Now, in the era of American hegemony, the whole problem of mass amusement has been elevated exponentially in terms of variety, range, and depth. Never have so many types of amusement been available to so many people... you know what I mean. However, the main principles remain. Governments of all stripes prefer to see their populations kept diverted by harmless preoccupations that will prevent boredom and circumspection. With the invention of television, the ideal societal control mechanism had indeed been found. Here is a medium that allows a standard message to be truly 'broad-cast' into every home, to every citizen, to present a common experience. We rarely stop to ponder the evolution of modern, Western television broadcasting-- but it's instructive to do so. For example, we take it for granted that we're going to have commercial messages interspersed with our desired programming. And despite the 500-channel universe, many of those programs are simply repeats in different time-zones, and re-runs of old series or 'classic' shows. Television production is very expensive, and altho we have what appears to be many channels, in fact there are relatively few sources of news, of information. With the consolidation of networks and the absorption of many independent stations, it has become easier than ever, even in a big national market, to homogenize public attitudes and outlooks. The USA has only a handful of national, three-letter acronymed TV networks, and with their news programs all attempting to cover the same stories, lest they miss a good one, there is little difference in reporting or in viewpoint. You know all this; Chomsky has been saying it for years.

However, it's worse than most of us think... (especially since most of us don't think about it). At the time of this writing, the US media are obsessed with two stories. These two stories are being analyzed in painstaking (or painful) detail by the tabloids, the TV news, the TV entertainment programs, and the magazines and newspapers. One concerns the unfortunate death of a woman who was mostly famous for being famous (Anna Nicole Smith). The other is a 'made-for-TV' tragedy involving NASA astronauts in a 'love triangle.' This one has all the ingredients loved by the media pundits-- astronauts, the new cowboys of the rocket age, sexual intrigues, jealousy, revenge... you get it. Perfect diversion for the bored yet harried masses of capitalist drones of the free-enterprise paradise that is modern America. If you tire of those stories, don't worry-- you can turn on the telly and watch your favorite 'reality' show. Like to watch ordinary people make fools of themselves trying to sing and then being humiliated by sarcastic judges? How about ordinary people becoming temporary celebrities by trying to answer inane 'trivia' questions to win pots of money dangled in front of their dazzled eyes? What about selected photogenic males and females arranged in variously concocted teams and struggling against each other in some isolated, exotic locale to gain the big million-dollar prize? Or fat people competing to lose weight? (Can you imagine trying to imagine that one, ten years ago?) And that's not to mention all kinds of 'situation comedies,' old movies, new pay-per-view movies, adult cartoons, and need I go on? We haven't even hit the sports channels; yes, the passion of the Greeks and Romans has been re-energized in the 21st century with dedicated channel, televised broadcasting. Probably the premier sporting extravaganza of our day is the modestly termed 'Superbowl' showdown between two football teams. There's no point rehashing the hype that surrounds this annual sporting orgasm, except to remind readers of the astonishing phenomenon that many viewers actually want to see the commercials for this event-- that's an indicator of how much human and financial capital go into filling every millisecond of this one-afternoon event.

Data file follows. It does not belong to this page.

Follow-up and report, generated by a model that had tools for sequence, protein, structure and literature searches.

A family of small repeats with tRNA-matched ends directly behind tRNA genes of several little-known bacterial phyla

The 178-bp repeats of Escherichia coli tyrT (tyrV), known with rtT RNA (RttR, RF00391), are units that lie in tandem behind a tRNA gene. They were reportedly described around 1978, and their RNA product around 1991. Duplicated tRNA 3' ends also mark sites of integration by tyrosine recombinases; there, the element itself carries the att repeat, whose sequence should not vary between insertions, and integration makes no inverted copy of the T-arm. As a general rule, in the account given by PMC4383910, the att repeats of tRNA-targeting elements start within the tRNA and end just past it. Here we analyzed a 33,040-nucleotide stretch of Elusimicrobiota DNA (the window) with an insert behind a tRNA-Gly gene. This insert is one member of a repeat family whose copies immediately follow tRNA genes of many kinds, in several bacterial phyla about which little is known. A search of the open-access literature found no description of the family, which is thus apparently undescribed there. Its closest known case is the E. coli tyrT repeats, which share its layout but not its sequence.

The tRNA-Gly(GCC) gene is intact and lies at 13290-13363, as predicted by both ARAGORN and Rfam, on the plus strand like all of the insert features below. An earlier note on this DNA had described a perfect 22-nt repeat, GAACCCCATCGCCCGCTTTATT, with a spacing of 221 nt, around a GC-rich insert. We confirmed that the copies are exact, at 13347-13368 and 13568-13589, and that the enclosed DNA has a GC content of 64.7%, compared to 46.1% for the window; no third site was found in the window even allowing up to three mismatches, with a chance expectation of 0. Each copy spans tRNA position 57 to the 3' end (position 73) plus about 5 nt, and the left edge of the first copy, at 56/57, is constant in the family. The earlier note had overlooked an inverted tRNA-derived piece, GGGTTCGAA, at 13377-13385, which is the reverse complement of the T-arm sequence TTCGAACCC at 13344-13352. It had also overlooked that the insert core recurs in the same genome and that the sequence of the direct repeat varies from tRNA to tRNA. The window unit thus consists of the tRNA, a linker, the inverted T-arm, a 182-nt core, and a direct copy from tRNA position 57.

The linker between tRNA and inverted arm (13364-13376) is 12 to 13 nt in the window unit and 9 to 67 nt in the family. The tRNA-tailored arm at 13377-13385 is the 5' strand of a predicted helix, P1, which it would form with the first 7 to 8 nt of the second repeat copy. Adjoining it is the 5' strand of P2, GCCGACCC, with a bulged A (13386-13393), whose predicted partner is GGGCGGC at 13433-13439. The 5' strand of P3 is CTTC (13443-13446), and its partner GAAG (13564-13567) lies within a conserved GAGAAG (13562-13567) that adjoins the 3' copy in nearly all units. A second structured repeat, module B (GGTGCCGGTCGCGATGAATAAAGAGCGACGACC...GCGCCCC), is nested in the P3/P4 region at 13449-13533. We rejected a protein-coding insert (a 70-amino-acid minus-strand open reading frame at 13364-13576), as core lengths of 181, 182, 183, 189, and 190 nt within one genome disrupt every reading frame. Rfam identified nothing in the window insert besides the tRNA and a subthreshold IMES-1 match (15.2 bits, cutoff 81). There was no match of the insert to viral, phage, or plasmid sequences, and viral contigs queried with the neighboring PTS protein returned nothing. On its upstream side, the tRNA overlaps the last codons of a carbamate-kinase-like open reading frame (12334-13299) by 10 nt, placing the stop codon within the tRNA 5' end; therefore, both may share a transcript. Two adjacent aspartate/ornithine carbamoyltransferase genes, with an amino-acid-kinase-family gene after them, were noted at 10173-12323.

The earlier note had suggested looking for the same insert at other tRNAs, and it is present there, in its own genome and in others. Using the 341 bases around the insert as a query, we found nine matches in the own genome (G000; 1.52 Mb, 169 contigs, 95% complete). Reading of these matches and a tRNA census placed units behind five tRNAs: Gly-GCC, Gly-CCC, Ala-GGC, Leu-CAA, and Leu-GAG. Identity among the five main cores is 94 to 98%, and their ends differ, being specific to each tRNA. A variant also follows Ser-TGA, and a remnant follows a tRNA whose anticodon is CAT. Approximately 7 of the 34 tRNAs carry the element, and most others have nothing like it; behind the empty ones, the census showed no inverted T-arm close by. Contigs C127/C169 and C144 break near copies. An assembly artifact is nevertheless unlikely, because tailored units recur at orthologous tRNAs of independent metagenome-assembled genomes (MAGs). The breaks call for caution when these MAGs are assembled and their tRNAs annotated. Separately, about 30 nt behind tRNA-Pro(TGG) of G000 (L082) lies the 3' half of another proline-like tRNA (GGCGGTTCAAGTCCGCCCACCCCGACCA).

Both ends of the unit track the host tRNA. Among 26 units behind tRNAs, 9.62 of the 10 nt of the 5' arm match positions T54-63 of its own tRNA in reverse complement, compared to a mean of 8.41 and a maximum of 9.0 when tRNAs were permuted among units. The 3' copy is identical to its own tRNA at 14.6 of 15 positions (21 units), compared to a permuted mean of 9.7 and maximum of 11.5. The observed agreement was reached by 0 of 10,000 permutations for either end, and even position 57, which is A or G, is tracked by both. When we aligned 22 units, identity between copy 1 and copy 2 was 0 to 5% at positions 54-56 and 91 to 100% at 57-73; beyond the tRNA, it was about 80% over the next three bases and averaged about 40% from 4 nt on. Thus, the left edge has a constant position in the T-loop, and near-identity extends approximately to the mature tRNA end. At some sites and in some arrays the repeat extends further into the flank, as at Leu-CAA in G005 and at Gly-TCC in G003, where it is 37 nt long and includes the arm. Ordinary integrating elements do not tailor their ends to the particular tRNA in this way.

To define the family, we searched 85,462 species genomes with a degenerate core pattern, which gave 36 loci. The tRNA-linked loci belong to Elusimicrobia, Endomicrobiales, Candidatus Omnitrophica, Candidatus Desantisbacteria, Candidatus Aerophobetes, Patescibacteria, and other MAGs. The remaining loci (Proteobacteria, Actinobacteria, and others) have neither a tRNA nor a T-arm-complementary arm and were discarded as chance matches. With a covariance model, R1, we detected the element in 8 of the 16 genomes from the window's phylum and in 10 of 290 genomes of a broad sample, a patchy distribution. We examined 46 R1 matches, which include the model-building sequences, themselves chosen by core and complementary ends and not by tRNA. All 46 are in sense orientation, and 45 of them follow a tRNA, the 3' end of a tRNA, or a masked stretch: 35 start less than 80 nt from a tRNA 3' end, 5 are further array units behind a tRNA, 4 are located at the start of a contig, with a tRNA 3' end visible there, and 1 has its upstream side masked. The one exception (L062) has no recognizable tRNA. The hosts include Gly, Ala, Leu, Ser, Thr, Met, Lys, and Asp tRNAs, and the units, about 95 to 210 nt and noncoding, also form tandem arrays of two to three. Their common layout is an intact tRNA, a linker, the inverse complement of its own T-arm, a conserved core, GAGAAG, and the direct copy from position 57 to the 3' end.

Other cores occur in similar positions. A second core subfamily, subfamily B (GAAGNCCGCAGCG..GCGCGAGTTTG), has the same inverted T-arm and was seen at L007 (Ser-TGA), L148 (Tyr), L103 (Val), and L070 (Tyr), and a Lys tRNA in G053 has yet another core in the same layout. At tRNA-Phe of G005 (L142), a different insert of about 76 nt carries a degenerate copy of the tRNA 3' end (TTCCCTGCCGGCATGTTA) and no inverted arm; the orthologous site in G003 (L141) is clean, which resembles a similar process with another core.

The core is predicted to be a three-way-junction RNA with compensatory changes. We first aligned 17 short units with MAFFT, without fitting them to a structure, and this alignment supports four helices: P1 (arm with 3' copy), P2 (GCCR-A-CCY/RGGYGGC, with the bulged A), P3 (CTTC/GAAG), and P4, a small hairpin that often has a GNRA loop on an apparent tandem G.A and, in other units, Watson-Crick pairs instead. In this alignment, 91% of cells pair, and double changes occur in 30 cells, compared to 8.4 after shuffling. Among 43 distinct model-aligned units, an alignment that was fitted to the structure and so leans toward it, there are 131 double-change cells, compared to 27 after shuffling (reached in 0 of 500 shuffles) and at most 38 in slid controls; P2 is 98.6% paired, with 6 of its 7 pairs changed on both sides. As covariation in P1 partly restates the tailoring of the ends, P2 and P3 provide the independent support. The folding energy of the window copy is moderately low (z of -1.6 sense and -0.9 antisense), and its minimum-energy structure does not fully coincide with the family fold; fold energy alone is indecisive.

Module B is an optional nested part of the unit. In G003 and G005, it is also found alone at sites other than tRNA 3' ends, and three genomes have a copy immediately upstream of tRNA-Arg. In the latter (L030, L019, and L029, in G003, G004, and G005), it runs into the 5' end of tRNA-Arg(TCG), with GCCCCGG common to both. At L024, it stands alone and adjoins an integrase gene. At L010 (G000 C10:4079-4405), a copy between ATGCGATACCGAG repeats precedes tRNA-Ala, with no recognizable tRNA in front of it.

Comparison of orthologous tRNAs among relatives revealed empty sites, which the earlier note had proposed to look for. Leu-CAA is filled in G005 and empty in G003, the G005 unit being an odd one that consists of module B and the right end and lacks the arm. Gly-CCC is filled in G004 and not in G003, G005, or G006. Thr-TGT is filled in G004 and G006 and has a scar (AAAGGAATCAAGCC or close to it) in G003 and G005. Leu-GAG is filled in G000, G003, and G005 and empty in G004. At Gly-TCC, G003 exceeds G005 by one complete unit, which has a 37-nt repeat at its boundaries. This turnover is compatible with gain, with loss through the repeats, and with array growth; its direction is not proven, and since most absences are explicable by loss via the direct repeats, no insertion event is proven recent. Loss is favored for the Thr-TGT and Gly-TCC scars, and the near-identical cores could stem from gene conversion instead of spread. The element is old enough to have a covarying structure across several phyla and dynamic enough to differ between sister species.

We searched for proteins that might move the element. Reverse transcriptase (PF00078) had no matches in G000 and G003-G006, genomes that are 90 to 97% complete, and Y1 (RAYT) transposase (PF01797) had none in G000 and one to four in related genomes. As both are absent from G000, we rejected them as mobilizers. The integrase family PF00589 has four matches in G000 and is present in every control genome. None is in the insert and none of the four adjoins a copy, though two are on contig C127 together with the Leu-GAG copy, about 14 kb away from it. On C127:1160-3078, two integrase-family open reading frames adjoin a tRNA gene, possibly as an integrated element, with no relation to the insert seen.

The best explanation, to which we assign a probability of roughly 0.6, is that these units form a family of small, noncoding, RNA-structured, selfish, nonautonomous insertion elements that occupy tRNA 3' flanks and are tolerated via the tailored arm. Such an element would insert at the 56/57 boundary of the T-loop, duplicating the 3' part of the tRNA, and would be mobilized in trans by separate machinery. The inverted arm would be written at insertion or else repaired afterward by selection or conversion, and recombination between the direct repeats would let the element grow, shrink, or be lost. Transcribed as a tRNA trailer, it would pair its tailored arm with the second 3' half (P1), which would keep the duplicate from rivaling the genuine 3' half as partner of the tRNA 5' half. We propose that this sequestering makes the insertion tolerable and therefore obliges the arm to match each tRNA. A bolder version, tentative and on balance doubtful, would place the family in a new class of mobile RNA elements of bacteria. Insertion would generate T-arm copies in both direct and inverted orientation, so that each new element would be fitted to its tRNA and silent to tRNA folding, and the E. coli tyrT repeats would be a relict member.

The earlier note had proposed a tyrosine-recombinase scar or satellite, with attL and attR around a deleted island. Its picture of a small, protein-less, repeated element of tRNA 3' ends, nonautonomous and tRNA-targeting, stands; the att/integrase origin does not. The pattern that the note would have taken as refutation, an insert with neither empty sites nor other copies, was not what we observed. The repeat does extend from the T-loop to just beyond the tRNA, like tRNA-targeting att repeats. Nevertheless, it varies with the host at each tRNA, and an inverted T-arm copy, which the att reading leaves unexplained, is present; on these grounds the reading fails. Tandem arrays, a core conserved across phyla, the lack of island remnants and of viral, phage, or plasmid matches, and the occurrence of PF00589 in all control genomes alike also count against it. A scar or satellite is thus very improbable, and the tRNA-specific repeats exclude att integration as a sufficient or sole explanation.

Now the point I'm approaching is not simply that modern society spends huge quantities of time, money, and intellect on essentially valueless pursuits. (Sports fans get a hold on reality; they really are of negligible worth, face it.) No, it's more than that. It's the fact that in devoting all that energy on these activities, we are NOT spending any time on things that really matter! By filling their pages with 'Hollywood gossip,' the newspapers are not telling us about the lies our polliticians are telling us, or the true extent and potential consequences of global climate change, and so on. While we gape at gridiron heroes and fleeting celebrities, we expend time better spent on informing ourselves about what's going on in the outside world. Heaven knows, we might even start contemplating the state of the world and start recognizing the intellectual prison subtly erected around our mental territory. We might start to get in touch with our spirit, and take some personal responsibility. We might start thinking about death and God, and what really matters.

But that's not what the powers that be want or expect. No, they want to maintain a steady, soul-crushing flood of 'entertainment' coming at us from every sensory perception. They know the lesson of antiquity-- that to keep the masses in a hypnotic state of aquiesence, it is only necessary to keep them in a constant state of amusement. Those harmless pastimes are literal diversions-- they divert our attention away from things that matter towards things that are, in the big picture, worthless. From life... to death. And we, modern lotus-eaters, are happy to consume the mental pabulum, strained, processed mush that slides down our mental gullets effortlessly, requiring no chewing from our toothless gums. As Hosea laments in the Bible: "My people are destroyed for lack of knowledge". Today we are awash in so-called knowledge; the lament would be re-cast as 'My people are destroyed for lack of interest in knowledge... they just want amusements.'